When he no longer could live with his relative, Malone, like many young adults experiencing homelessness, was far more concerned with finding a place to sleep each night than seeking care, Walker said. Other times, Malone couldn’t afford transportation to get to counseling services, according to Walker.

While mental health services do exist for people experiencing homelessness, they’re not always easy to access.

For example, the nonprofit Baltimore Crisis Response Inc. runs a hotline that receives on average eight calls a day, according to executive director Edgar Wiggins. But because of limited funding, its mobile crisis team isn’t available from midnight to 7 a.m.

Some community-based organizations in the city offer appointment-based and drop-in hours for counseling to help people before they reach a crisis. But Blair Franklin, executive director at Yes Drop-In Center, said connecting youth to the right services is still hard.

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“There’s some places with really long wait times or only group counseling," Franklin said.

In 2013, YES drop-in center partnered with Healthcare for the Homeless to bring a behavioral health therapist directly to its young people. Franklin said roughly 40 to 50 people make an appointment with the on-site counselor each year.

“That paints a picture of people who engaged in some way, but it doesn’t paint a picture of the need,” Franklin said.

Another barrier to receiving help is trust. “Many folks are hesitant and resistant … because of histories of being mistreated and not well served,” Franklin said.

Some help is on the way. Behavioral Health Systems Baltimore, a nonprofit in the city, is talking with city, state and hospital partners to open the city’s first 24-hour urgent care center for people experiencing a mental health crisis, according to spokeswoman Adrienne Breidenstine. And the U.S. Department of Housing and Urban Development recently gave $3.7 million to Baltimore to help end youth homelessness in Baltmore.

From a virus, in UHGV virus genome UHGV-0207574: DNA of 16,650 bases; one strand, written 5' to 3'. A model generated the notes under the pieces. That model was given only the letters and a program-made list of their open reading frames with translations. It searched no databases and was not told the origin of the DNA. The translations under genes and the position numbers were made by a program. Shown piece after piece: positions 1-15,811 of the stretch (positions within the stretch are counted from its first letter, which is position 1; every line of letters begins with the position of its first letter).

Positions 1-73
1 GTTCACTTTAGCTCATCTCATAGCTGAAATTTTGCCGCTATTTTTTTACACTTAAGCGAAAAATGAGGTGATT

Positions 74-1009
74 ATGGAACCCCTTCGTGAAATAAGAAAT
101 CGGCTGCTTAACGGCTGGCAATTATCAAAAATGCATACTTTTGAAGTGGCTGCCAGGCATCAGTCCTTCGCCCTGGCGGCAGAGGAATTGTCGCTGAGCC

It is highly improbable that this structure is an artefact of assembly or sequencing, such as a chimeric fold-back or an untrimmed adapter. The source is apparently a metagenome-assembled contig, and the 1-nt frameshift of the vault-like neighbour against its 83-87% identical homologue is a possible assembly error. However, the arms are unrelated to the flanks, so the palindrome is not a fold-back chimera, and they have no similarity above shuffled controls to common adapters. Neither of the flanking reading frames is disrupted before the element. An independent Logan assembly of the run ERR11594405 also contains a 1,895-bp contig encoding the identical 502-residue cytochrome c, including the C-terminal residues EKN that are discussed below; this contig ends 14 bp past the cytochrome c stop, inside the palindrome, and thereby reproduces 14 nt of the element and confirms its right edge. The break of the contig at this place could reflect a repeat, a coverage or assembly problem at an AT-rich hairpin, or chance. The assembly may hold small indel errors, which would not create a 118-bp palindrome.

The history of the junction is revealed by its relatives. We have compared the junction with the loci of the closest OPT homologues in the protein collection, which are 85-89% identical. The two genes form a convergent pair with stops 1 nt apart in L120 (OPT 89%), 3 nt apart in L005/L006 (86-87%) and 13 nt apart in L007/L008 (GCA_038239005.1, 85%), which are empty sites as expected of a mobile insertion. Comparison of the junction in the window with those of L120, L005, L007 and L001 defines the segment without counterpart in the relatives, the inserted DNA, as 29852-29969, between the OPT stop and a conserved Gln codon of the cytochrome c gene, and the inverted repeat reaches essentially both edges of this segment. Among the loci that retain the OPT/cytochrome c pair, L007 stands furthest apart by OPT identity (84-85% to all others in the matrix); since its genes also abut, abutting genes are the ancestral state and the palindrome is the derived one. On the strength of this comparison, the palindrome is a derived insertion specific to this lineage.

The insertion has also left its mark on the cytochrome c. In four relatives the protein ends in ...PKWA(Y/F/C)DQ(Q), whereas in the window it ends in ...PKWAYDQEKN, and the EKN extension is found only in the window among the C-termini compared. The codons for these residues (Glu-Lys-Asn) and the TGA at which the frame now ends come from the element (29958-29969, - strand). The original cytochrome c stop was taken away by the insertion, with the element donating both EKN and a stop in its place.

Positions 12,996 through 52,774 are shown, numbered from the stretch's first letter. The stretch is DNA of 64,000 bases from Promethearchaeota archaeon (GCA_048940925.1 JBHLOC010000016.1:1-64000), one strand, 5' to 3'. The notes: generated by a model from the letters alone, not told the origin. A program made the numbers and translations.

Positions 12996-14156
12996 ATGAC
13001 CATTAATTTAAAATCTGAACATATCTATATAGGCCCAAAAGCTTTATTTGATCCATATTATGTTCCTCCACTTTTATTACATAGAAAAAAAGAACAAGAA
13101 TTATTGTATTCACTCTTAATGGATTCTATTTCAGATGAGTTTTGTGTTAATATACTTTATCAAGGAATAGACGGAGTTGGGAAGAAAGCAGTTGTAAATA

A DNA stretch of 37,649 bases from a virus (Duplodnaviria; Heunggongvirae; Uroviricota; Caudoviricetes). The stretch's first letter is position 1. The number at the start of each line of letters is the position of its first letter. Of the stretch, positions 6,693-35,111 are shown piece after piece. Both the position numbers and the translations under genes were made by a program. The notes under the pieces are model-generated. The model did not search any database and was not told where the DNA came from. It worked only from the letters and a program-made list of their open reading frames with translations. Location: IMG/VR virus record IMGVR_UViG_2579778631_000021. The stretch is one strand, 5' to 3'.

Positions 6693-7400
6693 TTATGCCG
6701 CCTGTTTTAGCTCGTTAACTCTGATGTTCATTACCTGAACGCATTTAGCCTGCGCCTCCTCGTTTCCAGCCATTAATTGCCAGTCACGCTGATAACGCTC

For Anthony, the director of the city’s department of homelessness, mental health aid is a fundamental principle in the department’s plans for 2020. From outreach to permanent housing, Anthony said she wants mental health services offered at every “touchpoint”:

“The tragedy of Jhevan’s death compels us to work collaboratively to examine gaps in our existing system to build more responsive, effective, preventive systems of support to aid young adults experiencing homelessness,” Anthony said.

A month since Jhevan died, the question “What could I have done?" still haunts Walker every day. But Walker also asks himself: “What could we do differently now?” Continuing his work with homeless young people, Walker said, he never wants to go through this loss again.

Malone had clear and detailed plans: He was going to move to Atlanta for his music career and name his first child after his song “Winter.” On the program card handed out at Malone’s memorial service, the cover states: Say his name.

“He wasn’t just a homeless young man," Walker said. “Say his name: Jhevan Khochiese Alexander Malone."